BY MIRIAM MANGWAYA
ANTI-CORRUPTION activists say political interference has undermined the effectiveness of the Zimbabwe Anti-Corruption Commission (Zacc) in bringing corrupt high profile individuals to book.
They say this has resulting in Zimbabwe failing to recover millions of dollars lost to graft and illicit financial flows.
This came out during a recent virtual meeting hosted by the Zimbabwe Coalition on Debt and Development (Zimcodd) and the Zimbabwe Human Rights Association on the implications of the Sentry’s 2021 report, which exposed high-profile corruption in the country.
The virtual meeting was attended by legal expert Alex Magaisa and civic society activists, who bemoaned lack of judicial independence in prosecuting high-profile cases as stipulated in the Constitution, in order to eradicate corruption in the country.
“The dialogue noted that political interference in the operations of anti-corruption institutions such as the Zimbabwe Anti-Corruption Commission (Zacc) undermines the effectiveness of institutions and legislation responsible for combating corruption,” Zimcodd said in a statement.
“There is a need for government to demonstrate political will to arrest and prosecute perpetrators and guarantee the independence of the responsible institutions.”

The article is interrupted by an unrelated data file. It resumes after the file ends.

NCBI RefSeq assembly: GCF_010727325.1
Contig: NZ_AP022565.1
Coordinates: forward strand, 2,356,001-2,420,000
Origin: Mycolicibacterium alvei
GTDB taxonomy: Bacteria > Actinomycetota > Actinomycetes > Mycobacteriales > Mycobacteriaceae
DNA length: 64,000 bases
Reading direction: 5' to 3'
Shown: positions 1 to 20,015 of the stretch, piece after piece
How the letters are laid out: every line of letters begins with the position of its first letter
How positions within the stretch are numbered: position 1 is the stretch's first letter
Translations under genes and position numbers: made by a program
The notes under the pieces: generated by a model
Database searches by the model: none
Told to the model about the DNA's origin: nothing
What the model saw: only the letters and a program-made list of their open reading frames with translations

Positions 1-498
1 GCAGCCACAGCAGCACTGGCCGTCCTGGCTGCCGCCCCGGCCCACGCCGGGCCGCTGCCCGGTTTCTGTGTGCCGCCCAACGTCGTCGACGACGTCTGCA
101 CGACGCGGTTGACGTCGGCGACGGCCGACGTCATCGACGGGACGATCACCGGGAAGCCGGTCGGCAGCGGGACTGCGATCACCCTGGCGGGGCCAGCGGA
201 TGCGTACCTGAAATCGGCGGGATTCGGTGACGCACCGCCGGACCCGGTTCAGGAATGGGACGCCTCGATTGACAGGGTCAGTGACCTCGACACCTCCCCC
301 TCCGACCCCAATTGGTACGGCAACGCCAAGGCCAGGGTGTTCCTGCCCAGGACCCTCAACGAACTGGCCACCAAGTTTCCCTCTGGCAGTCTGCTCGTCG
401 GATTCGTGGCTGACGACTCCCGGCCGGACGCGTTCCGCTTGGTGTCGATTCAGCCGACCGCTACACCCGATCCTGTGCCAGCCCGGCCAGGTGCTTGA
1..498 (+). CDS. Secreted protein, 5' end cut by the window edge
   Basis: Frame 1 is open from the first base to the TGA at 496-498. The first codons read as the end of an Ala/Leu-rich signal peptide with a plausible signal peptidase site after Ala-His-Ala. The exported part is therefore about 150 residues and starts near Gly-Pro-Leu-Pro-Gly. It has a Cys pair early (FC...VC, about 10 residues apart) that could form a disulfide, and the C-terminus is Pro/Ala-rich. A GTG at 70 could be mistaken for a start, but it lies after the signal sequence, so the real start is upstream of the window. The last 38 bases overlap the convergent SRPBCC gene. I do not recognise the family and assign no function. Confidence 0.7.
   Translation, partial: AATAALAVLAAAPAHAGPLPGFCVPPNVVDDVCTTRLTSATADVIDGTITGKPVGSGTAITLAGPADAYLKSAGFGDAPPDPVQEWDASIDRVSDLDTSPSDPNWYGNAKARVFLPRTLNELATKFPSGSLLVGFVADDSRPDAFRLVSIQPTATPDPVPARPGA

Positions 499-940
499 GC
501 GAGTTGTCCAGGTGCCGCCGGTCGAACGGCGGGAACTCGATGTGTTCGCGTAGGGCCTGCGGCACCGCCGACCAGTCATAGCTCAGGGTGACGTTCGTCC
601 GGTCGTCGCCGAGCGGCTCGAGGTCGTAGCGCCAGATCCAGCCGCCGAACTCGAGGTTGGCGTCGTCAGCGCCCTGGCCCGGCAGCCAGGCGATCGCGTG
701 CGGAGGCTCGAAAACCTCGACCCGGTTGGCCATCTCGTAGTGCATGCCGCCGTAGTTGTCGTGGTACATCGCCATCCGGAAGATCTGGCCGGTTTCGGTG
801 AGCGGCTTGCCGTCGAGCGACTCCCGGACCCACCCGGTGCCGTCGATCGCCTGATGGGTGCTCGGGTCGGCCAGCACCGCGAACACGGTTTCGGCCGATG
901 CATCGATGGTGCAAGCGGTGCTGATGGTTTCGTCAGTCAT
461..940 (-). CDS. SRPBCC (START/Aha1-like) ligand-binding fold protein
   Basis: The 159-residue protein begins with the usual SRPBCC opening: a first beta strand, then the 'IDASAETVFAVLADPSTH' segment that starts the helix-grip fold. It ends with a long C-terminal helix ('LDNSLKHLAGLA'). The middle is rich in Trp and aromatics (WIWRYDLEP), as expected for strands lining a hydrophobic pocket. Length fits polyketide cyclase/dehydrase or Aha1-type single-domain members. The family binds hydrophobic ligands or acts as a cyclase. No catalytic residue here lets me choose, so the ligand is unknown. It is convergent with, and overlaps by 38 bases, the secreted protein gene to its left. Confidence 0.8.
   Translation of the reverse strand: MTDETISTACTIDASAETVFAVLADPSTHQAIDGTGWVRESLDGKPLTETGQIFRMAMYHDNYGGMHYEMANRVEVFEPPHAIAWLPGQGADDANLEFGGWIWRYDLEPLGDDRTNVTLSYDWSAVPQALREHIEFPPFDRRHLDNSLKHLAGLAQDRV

Panellists also raised concern on inequalities in the taxation systems in the country, where ordinary citizens were obliged to pay taxes while the politically connected elite is exempted.
“Government should not lose potential revenue to rich mining companies as Zimbabweans need that money to survive the devastating COVID-19 pandemic as well as widespread hunger and mass unemployment,” they said.
“Income and profits from mineral wealth are sovereign wealth belonging to all Zimbabweans and government as custodian of that wealth should make decisions that serve the interests and benefit the citizens. Financial policies and tax decisions should be subject to public consultation and objective scrutiny for transparency and accountability.”
Last week, Zacc announced that this year, it was investigating 43 cases for asset recovery, with the value of assets identified amounting to US$24 million.
But during the Zimcodd virtual meeting, panellists said political will was needed to bring the culprits to book in order to assist the efforts of the anti-corruption institutions which were proving to be in vain.
“The family dialogue concluded that the only way that the fight for corruption can be actualised and made practical in Zimbabwe is through political will and leadership of the President, Cabinet and other key institutions mandated with addressing cases of corruption,” the panellists said.
“Although various calls have been made at the highest level to try and fight corruption, not enough action has been taken to address the pandemic (corruption), and as long as there is no action at the highest level, there is fear that there is no resolution that will come from the current leadership.”
Several high-profile people, who include former ministers Priscah Mupfumira (Public Service), Ignatius Chombo (Local Government), Obadiah Moyo (Health) and other top government officials have been arraigned before the courts over graft charges.
Their matters are still pending at the courts.
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